Defining roles and responsibilities is crucial for operational efficiency and personal satisfaction within the partnership. It ensures everyone knows what's expected of them and can focus on their strengths to contribute to the business's success.

An Example
In a catering business partnership, one partner takes on the role of managing kitchen operations, while the other focuses on client relations and marketing.

This division of labor allows each to play to their strengths and ensures no aspect of the business is neglected.

6. How will we measure success?

Success can mean different things to different people. Setting clear, measurable goals for the partnership helps ensure you're both working towards the same vision of success and can keep track of progress along the way.

An Example
For an online retail partnership, success metrics might include sales targets, customer satisfaction scores, and website traffic growth.

Regularly reviewing these metrics together keeps both partners aligned and focused on achieving their shared goals.

7. What is our exit strategy?

Discussing an exit strategy might seem pessimistic, but it's actually a sign of good planning. It ensures that if one partner decides to leave, there's a clear process in place that protects both the individuals and the business.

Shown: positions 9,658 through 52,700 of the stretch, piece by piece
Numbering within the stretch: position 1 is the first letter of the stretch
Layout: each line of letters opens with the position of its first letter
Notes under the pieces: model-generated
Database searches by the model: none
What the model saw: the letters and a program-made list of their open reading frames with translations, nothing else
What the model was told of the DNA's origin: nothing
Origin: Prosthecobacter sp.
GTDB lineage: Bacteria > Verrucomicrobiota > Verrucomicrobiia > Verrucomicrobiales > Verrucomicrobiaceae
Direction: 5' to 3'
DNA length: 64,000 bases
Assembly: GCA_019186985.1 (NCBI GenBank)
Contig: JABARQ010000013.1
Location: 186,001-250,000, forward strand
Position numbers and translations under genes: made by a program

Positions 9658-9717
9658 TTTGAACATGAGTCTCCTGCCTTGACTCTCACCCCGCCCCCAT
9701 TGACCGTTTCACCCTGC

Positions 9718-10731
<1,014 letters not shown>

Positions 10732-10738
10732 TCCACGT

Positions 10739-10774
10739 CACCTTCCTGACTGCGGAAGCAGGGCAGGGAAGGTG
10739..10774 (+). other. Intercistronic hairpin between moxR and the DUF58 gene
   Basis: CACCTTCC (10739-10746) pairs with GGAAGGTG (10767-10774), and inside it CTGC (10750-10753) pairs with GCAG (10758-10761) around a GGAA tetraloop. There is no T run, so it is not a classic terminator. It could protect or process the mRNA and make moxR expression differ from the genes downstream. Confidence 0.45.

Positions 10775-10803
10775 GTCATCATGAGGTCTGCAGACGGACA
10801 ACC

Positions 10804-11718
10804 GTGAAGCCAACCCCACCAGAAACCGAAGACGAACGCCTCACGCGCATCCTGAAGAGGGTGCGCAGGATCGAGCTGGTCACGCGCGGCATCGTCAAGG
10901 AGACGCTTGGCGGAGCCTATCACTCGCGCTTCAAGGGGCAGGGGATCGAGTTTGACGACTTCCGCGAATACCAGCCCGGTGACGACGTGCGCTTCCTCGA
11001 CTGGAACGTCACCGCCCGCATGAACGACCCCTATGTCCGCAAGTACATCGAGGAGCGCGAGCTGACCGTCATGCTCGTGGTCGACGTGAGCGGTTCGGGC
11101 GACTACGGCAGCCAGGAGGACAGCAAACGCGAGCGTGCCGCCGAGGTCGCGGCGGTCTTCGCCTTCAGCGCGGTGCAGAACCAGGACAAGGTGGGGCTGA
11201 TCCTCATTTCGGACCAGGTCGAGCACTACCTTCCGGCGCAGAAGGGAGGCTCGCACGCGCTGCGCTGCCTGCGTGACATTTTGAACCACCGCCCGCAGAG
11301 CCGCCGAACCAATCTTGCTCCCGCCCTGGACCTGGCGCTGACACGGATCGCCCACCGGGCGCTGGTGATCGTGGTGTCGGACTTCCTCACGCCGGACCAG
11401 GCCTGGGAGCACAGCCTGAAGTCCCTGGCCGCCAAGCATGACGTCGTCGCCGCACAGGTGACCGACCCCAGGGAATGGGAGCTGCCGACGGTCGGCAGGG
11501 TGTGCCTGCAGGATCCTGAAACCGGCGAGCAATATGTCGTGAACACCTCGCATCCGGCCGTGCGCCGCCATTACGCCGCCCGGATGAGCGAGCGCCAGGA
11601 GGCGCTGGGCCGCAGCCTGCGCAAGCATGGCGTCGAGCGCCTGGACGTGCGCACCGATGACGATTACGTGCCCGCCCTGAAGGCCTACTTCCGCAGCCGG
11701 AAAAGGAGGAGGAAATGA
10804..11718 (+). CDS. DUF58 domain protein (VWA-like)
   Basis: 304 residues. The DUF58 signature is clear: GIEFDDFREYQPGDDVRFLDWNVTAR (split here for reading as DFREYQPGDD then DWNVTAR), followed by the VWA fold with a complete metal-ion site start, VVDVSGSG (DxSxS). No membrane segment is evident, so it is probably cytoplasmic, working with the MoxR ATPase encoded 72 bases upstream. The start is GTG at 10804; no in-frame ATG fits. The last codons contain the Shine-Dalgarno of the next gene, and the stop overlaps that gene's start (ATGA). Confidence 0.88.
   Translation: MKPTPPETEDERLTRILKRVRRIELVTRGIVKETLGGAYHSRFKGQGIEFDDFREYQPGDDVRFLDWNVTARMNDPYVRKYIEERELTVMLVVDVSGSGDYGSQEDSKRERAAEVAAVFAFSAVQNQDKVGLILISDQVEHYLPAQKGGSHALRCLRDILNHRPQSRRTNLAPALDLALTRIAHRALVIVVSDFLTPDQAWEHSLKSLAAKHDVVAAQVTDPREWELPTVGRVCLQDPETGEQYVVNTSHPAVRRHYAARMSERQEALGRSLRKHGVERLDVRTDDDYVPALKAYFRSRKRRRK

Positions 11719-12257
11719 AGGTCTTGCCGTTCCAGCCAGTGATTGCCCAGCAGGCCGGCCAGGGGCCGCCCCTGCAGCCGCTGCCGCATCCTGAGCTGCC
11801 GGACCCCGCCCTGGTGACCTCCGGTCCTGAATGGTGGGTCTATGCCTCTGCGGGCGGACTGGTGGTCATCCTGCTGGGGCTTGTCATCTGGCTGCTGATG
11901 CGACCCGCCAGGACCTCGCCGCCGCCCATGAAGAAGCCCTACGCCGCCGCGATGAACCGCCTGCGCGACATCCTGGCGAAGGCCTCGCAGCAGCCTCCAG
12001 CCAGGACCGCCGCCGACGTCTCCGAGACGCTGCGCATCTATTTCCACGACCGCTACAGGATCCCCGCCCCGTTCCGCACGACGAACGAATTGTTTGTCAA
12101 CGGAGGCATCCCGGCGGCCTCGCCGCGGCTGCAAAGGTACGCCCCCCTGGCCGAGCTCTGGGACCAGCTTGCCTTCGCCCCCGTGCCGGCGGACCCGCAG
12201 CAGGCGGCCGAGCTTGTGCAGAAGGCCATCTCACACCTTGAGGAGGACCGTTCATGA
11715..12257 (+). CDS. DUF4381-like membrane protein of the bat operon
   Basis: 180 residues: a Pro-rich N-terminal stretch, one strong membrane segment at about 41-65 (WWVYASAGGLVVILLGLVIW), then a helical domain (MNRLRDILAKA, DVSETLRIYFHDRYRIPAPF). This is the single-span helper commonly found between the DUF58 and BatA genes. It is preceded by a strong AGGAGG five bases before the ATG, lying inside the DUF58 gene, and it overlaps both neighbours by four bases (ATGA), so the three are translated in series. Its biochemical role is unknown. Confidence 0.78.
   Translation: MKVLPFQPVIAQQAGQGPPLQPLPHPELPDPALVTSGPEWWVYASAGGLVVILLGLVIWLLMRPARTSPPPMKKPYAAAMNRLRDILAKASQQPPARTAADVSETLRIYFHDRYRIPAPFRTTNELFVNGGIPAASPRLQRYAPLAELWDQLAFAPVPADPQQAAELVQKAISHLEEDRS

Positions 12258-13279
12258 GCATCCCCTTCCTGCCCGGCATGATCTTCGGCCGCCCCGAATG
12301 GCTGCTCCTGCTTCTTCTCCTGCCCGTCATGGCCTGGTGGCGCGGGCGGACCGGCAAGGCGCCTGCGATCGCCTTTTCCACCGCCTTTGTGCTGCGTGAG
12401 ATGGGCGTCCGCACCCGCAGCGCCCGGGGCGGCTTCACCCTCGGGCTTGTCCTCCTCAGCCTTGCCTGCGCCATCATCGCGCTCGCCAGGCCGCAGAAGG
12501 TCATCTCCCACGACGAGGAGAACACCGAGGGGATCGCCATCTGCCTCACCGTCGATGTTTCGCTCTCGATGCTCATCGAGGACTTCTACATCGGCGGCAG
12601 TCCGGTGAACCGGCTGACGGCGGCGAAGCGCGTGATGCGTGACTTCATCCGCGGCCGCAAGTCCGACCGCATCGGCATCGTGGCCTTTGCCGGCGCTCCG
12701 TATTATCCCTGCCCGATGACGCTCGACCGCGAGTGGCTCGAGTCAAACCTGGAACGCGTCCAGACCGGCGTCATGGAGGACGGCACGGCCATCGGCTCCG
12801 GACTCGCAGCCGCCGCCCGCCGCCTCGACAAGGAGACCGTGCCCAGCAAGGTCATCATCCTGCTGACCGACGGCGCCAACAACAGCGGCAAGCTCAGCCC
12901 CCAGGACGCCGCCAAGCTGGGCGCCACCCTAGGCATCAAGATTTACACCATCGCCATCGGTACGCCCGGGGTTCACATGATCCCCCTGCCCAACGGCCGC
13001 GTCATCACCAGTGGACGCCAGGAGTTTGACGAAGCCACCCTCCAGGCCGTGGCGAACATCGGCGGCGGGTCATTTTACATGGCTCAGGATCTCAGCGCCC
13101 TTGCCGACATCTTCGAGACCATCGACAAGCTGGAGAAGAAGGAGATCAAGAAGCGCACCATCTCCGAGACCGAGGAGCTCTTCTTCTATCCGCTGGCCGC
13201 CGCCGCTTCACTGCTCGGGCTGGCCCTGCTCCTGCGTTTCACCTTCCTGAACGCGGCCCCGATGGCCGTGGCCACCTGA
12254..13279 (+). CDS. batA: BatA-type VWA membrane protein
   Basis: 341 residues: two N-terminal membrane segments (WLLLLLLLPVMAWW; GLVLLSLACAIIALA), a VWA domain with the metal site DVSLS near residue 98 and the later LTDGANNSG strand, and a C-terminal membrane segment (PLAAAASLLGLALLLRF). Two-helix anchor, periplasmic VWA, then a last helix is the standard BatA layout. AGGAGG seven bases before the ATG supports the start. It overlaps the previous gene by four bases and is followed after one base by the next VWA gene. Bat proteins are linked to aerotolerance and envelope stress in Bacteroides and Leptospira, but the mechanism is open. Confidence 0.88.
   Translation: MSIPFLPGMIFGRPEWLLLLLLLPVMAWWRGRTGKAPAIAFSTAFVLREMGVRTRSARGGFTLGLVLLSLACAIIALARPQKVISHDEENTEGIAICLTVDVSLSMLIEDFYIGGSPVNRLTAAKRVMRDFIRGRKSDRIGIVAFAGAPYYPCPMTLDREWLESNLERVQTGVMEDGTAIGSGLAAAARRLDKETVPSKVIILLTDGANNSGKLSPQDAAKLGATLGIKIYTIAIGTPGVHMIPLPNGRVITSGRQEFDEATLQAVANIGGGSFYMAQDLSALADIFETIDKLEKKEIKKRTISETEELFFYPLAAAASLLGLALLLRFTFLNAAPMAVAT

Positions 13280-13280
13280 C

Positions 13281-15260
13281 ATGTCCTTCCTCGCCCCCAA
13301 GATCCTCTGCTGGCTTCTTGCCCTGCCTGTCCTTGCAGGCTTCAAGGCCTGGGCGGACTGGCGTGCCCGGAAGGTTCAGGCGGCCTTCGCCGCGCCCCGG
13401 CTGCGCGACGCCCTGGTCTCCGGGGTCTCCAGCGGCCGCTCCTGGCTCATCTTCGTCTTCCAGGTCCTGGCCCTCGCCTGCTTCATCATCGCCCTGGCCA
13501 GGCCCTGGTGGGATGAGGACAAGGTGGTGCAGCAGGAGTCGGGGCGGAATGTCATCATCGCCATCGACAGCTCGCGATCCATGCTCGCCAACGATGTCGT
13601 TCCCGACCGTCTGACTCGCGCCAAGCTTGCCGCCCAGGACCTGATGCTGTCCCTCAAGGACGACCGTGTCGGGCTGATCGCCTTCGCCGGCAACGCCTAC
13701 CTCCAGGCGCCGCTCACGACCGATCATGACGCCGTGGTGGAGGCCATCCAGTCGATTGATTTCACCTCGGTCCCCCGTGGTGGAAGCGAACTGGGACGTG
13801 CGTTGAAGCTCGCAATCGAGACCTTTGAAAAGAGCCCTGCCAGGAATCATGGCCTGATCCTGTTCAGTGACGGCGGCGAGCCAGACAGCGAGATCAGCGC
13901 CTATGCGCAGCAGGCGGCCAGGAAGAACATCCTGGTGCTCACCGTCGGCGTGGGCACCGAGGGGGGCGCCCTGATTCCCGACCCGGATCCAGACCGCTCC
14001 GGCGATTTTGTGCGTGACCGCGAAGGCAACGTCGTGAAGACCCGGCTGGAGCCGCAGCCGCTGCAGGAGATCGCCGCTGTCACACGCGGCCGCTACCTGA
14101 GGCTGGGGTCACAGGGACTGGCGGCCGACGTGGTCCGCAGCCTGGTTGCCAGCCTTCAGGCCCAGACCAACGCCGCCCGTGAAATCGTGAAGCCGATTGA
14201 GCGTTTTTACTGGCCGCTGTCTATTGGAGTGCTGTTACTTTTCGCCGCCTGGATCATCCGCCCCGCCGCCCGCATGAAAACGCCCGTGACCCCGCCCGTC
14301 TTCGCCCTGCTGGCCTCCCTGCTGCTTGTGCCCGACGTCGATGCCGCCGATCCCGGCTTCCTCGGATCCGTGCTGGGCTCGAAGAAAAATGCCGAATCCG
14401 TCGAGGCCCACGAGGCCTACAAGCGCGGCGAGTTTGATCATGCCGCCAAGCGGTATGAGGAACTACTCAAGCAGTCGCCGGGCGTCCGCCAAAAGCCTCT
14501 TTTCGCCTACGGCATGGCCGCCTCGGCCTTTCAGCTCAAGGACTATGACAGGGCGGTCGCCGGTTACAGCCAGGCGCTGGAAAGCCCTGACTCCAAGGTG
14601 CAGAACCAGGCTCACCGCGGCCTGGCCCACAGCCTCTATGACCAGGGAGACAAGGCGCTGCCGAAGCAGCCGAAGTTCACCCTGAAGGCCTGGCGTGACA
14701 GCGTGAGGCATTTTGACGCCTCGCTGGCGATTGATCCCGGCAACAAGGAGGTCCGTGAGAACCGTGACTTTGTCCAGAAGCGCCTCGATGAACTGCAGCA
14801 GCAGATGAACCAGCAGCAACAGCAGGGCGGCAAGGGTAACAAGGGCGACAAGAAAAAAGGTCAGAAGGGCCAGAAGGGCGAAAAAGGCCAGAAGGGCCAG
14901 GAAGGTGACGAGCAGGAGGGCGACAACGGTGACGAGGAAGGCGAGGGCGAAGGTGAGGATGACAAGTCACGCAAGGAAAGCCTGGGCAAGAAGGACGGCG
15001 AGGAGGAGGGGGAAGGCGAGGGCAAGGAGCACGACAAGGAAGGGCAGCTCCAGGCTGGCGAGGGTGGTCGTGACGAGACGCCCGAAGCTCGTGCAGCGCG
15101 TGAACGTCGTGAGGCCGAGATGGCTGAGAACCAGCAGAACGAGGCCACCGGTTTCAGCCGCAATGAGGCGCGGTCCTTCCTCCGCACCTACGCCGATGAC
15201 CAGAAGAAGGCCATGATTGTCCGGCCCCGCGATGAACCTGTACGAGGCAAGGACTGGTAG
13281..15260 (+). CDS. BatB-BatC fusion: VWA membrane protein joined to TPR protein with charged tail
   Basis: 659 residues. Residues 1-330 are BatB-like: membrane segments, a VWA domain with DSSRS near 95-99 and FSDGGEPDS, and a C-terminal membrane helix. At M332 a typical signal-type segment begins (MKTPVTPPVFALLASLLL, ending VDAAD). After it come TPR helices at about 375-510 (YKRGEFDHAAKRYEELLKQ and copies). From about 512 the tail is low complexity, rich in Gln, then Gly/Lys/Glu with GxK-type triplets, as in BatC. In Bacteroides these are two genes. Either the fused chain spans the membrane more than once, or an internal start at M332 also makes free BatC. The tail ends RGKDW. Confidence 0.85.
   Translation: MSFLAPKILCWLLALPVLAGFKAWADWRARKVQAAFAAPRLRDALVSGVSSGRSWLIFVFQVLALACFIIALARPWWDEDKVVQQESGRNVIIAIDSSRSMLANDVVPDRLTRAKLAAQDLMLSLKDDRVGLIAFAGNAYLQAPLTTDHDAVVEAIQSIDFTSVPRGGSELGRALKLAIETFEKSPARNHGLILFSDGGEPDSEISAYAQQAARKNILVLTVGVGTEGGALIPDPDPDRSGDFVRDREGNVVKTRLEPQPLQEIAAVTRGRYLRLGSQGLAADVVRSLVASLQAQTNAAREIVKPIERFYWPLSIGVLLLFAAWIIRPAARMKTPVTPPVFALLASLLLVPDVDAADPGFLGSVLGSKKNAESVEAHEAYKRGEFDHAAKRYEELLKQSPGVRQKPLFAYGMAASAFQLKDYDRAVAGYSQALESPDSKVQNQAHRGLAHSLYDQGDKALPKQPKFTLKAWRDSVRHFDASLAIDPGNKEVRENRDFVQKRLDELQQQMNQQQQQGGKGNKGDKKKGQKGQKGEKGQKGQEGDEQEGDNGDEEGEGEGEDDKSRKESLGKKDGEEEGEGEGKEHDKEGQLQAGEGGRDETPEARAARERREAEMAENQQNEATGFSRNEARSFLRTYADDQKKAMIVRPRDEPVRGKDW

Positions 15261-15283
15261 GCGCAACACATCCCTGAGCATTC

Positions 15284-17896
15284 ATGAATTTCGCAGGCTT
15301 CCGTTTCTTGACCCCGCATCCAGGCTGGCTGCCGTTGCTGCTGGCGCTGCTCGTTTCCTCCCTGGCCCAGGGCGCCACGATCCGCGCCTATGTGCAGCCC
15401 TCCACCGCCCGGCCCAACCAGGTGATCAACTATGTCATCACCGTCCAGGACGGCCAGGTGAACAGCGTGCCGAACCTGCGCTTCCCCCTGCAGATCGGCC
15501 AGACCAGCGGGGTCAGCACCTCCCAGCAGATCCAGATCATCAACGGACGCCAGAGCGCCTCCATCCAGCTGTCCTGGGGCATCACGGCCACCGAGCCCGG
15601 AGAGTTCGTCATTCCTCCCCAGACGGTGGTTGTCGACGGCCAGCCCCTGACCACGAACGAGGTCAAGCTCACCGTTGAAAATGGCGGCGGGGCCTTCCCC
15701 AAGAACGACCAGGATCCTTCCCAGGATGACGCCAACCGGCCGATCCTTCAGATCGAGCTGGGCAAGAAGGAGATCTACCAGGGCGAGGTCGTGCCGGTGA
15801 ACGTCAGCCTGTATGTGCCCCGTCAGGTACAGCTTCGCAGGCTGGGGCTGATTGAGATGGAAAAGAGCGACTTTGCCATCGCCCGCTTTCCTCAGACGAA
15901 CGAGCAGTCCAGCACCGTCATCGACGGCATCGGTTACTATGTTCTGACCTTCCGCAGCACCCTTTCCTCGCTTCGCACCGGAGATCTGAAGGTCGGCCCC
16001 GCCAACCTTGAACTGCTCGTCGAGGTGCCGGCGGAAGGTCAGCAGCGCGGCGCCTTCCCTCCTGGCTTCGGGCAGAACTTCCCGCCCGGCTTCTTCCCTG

An Example
Two partners in a marketing firm agree that if one wishes to exit, the remaining partner has the first option to buy out their share. This agreement prevents potential legal battles and ensures the business can continue smoothly.

8. How will we manage work-life balance?

Running a business can be all-consuming, and it's easy to let it take over your life. Discussing how you'll manage work-life balance is crucial for maintaining your health, relationships, and ultimately, the success of the business.

An Example
Partners in a consulting firm decide to implement a policy where they avoid sending work-related messages outside of business hours, unless in emergencies.

This helps them maintain boundaries and ensures they have time to recharge.

9. What are our communication preferences?

Effective communication is the backbone of any successful partnership. Understanding each other's communication preferences (e.g., email, phone calls, face-to-face meetings) helps ensure that important information is shared in a timely and comfortable manner.

An Example
A real estate investment duo finds that weekly in-person meetings are the most effective way for them to discuss new opportunities and make decisions, supplementing with emails for day-to-day updates. This keeps their communication clear and effective.

10. How do we define our relationship to employees and external parties?

Partners need to present a united front to employees and external parties. This includes agreeing on how you'll describe your partnership and roles to others, to ensure consistency and clarity in your business relations.

This includes agreeing on how you'll describe your partnership and roles to others, to ensure consistency and clarity in your business relations.

An Example
The co-owners of a design studio decide that externally, they will both carry the title of Co-Founder and Director, but internally, they specify their unique responsibilities to their team.

This maintains their equal standing in the public eye while clarifying their roles to employees.